Nicole Despres and Emma Moulton: Roommates, compatriots in COVID-19 vaccination effort
Working on the front lines of the COVID-19 pandemic can be daunting, but roommates Nicole Despres and Emma Moulton strengthen each other’s resolve.
The two University of Maine nursing seniors have been volunteering to vaccinate Mainers against the virus since January alongside 200 others from UMaine and more than 450 nursing students across the University of Maine System. These students dedicate their time supporting the statewide vaccination effort while completing classwork and experiential learning needed for their degrees.
The School of Nursing sends students’ online notifications for opportunities to help Northern Light Eastern Maine Medical Center (EMMC) and Penobscot Community Health Center (PCHC) vaccinate people against COVID-19.
Moulton, from Ipswitch, Massachusetts, and Despres, from Berwick, have roomed together since June, and their friendship spans almost their entire undergraduate careers. As nursing students and compatriots in the fight against COVID-19, Moulton says she and Despres can sympathize with each other’s experiences. The comradery fostered between them as nursing students facing the pandemic head on offers them both solace and motivation to help vaccinate Mainers.
“Nicole and I can talk about it, understand how we feel about it,” Moulton says.
The School of Nursing hopes to continuously deploy its 200 student volunteers to provide thousands of hours toward the vaccination effort. They join others from the University of Maine at Fort Kent, University of Maine at Presque Isle and the University of Southern Maine all providing vaccination support as part of a UMS-wide effort. Students across the system administered more than 1,000 vaccines before the spring semester began Jan. 25.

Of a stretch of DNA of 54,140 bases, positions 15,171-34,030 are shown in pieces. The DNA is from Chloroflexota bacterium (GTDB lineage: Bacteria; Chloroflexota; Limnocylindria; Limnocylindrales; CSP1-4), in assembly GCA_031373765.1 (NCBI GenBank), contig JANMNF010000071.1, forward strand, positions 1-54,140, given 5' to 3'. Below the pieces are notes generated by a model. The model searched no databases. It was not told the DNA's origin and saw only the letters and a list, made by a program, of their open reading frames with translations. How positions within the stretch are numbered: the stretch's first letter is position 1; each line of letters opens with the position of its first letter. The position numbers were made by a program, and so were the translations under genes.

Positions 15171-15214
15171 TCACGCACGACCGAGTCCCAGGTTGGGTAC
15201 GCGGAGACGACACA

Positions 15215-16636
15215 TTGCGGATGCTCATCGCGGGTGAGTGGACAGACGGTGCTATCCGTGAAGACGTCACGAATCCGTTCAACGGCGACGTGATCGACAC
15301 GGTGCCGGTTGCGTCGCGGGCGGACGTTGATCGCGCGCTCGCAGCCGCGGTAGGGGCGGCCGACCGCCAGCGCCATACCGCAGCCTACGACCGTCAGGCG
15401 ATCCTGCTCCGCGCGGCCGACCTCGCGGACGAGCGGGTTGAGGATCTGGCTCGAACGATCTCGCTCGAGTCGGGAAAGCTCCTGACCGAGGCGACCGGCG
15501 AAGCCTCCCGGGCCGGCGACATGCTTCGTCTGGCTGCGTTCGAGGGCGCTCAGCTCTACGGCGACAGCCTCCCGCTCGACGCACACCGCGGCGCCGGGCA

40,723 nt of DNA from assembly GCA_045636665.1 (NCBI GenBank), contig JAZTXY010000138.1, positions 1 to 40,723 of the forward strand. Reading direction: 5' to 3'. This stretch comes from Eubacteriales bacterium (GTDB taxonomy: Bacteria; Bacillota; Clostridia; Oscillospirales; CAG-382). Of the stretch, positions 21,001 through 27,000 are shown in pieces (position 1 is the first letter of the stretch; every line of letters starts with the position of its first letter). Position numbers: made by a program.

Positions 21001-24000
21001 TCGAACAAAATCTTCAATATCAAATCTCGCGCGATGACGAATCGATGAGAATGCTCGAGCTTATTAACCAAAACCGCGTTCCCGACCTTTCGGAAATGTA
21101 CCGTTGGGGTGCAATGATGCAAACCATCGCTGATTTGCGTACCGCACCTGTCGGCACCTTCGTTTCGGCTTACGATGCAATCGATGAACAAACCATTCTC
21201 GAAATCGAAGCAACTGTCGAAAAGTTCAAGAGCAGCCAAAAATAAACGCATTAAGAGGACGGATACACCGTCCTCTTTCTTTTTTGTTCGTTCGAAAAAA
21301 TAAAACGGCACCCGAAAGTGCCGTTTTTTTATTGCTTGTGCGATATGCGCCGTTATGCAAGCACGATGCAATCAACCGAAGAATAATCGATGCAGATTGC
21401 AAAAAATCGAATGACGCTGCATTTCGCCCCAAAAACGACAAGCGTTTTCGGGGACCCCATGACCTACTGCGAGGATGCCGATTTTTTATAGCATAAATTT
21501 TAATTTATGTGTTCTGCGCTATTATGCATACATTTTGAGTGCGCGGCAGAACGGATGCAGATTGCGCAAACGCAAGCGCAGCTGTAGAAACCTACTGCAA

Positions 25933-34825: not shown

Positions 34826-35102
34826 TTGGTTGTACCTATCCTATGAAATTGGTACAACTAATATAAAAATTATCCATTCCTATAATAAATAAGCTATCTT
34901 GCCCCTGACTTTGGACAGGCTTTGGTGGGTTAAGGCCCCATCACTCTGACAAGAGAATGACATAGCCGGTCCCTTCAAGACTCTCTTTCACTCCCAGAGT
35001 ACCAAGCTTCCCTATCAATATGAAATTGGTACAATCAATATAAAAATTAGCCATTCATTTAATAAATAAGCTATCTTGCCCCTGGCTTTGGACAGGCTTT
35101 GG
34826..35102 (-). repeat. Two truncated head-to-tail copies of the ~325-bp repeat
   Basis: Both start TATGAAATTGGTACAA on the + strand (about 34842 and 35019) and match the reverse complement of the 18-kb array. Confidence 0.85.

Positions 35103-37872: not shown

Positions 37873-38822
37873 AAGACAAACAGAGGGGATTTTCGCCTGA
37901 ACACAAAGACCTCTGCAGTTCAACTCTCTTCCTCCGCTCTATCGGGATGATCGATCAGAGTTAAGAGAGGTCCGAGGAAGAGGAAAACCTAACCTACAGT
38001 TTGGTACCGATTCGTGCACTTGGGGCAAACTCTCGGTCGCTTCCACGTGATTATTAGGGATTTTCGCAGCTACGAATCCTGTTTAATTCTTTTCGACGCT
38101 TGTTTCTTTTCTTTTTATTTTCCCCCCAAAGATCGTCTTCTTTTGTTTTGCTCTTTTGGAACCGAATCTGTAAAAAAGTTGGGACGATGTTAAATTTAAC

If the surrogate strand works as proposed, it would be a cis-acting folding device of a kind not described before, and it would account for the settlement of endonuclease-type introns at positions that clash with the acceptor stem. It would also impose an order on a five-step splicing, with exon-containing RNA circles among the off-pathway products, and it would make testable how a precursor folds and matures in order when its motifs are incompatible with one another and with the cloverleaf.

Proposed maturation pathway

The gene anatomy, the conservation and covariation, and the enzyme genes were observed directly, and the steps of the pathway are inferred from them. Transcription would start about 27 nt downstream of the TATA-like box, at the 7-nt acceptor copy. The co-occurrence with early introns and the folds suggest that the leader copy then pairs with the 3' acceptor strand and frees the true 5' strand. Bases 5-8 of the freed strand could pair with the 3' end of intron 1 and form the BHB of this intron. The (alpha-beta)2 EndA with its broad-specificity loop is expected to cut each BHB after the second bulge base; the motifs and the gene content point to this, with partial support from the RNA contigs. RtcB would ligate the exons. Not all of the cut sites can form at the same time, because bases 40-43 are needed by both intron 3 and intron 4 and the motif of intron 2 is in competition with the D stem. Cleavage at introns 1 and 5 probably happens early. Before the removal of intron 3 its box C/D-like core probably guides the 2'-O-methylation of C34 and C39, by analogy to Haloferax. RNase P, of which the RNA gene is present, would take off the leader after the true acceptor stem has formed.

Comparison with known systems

As of March 10, Despres has volunteered at four clinics hosted by EMMC and PCHC, vaccinating between 200–250 health care workers and patients, and Moulton has aided EMMC and PCHC in vaccinating about 100 at two clinics.
The onset of COVID-19 and UMaine’s decision to shift to remote instruction in March 2020 in response prompted the School of Nursing to cancel clinicals for the remainder of the semester. Clinicals resumed once more in the fall in accordance with COVID-19 guidelines. When the opportunity arose to join the front lines of the pandemic by helping vaccinate people, Despres and Moulton both say they jumped at the opportunity to not only help combat the virus, but also obtain more hands-on training, a vital component of their education.
“I thought it would be a good opportunity to get my foot back in the door,” Despres says. “The one thing I will look back on in the future is being a part of the history of vaccinating people” against COVID-19.
Vaccinating people for COVID-19 is fast-paced work. Despres says they serve “people back-to-back.” Pharmacists draw vaccines from viles, insert them in syringes and place them on tables for nurses to grab when they inoculate patients. Moulton says there is a limited time frame from when the vaccine leaves the vile before it loses its effectiveness.
“It’s kind of exciting,” Despres says. “It keeps you very busy.”
Pharmacists stand by in case vaccine recipients have any side effects, Moulton says, which helps as anatomical differences can result in recipients facing a variety of bodily responses to inoculation. The two nursing major roommates also field questions from vaccine recipients, including which brand they will receive — Pfizer or Moderna, at time of writing — and what side effects they may experience.